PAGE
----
The Wii U has been on the market for 8 months now and despite a strong start, the console has failed to make an impression on the average consumer. Nintendo has been very careful about not assuming blame for the Wii U’s current failure to be widely adopted by console gamers. Now in an interview with CNBC, Iwata finally admits that Nintendo hasn’t done all it could to ensure the console’s success.
“We are to blame. We relaxed our (marketing) efforts, so the consumers today still cannot understand what’s so good and unique about the Wii U. Because we’re always trying to be unique, it takes some energies on our side to (help) people understand the real attractions about whatever we are doing.”
This is very true, as during the first three months of the console’s release very few commercials were released showing off the Wii U’s capabilities. Those that were created made it seem as if the Wii U was an upgrade to the Wii, instead of a stand-alone device. The Wii had original marketing that was everywhere, so seeing Nintendo admit failure from a marketing standpoint is definitely a step in the right direction.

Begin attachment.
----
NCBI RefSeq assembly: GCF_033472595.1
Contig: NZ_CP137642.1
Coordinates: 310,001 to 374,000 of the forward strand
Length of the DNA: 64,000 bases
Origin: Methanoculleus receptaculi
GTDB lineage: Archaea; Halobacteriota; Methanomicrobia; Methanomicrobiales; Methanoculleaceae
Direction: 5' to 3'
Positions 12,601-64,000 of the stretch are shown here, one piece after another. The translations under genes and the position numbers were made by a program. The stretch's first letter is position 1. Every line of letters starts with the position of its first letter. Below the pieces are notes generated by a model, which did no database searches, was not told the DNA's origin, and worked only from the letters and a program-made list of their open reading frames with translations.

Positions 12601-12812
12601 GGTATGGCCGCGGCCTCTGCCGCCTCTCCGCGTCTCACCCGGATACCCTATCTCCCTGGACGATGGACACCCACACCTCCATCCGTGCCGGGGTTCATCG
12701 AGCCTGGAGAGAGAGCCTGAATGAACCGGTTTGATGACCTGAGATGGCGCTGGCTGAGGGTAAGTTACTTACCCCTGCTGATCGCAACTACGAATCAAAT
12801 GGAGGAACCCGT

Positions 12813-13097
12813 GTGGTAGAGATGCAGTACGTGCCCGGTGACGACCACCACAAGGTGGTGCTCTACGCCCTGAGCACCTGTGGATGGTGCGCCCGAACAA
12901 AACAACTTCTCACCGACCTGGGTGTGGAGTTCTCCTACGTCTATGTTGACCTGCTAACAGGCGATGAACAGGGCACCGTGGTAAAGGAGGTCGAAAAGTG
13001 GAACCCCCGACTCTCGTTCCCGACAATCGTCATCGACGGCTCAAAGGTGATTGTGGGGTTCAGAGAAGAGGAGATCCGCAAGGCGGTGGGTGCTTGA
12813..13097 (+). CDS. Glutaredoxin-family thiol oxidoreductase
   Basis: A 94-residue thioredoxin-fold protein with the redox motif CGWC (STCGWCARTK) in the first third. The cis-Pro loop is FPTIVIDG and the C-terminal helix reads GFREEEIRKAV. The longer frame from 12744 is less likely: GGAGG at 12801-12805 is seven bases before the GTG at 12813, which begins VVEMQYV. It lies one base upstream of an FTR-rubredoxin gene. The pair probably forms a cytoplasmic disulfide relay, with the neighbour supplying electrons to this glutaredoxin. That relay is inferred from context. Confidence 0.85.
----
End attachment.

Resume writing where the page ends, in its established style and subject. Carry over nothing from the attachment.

One of the many points people bring up when discussing how Nintendo could ease consumer adoption of the Wii U is to opt for a price cut. However, the already frugally priced Wii U comes in at $299 and $349 respectively, making it hard to cut any more from the price. Iwata admits as much in the interview:
“Because from the very beginning we came up with a very aggressive price point. We do not think [a price cut] is a very easy option to take.”
Now that Nintendo has admitted its mistakes in marketing the Wii U, hopefully we can see them take the proper steps to correct these mistakes and get consumers on the right track. If you’re interested in reading the full interview with Iwata, you can check it out here.
- Call of Duty: Black Ops III skipping Wii U
- Guitar Hero Live first tracklist revealed
- A new trailer for Pokken Tournament showcases Gengar
- Black Ops 3 revealed, not coming to Wii U
TAGS: Satoru Iwata, wii u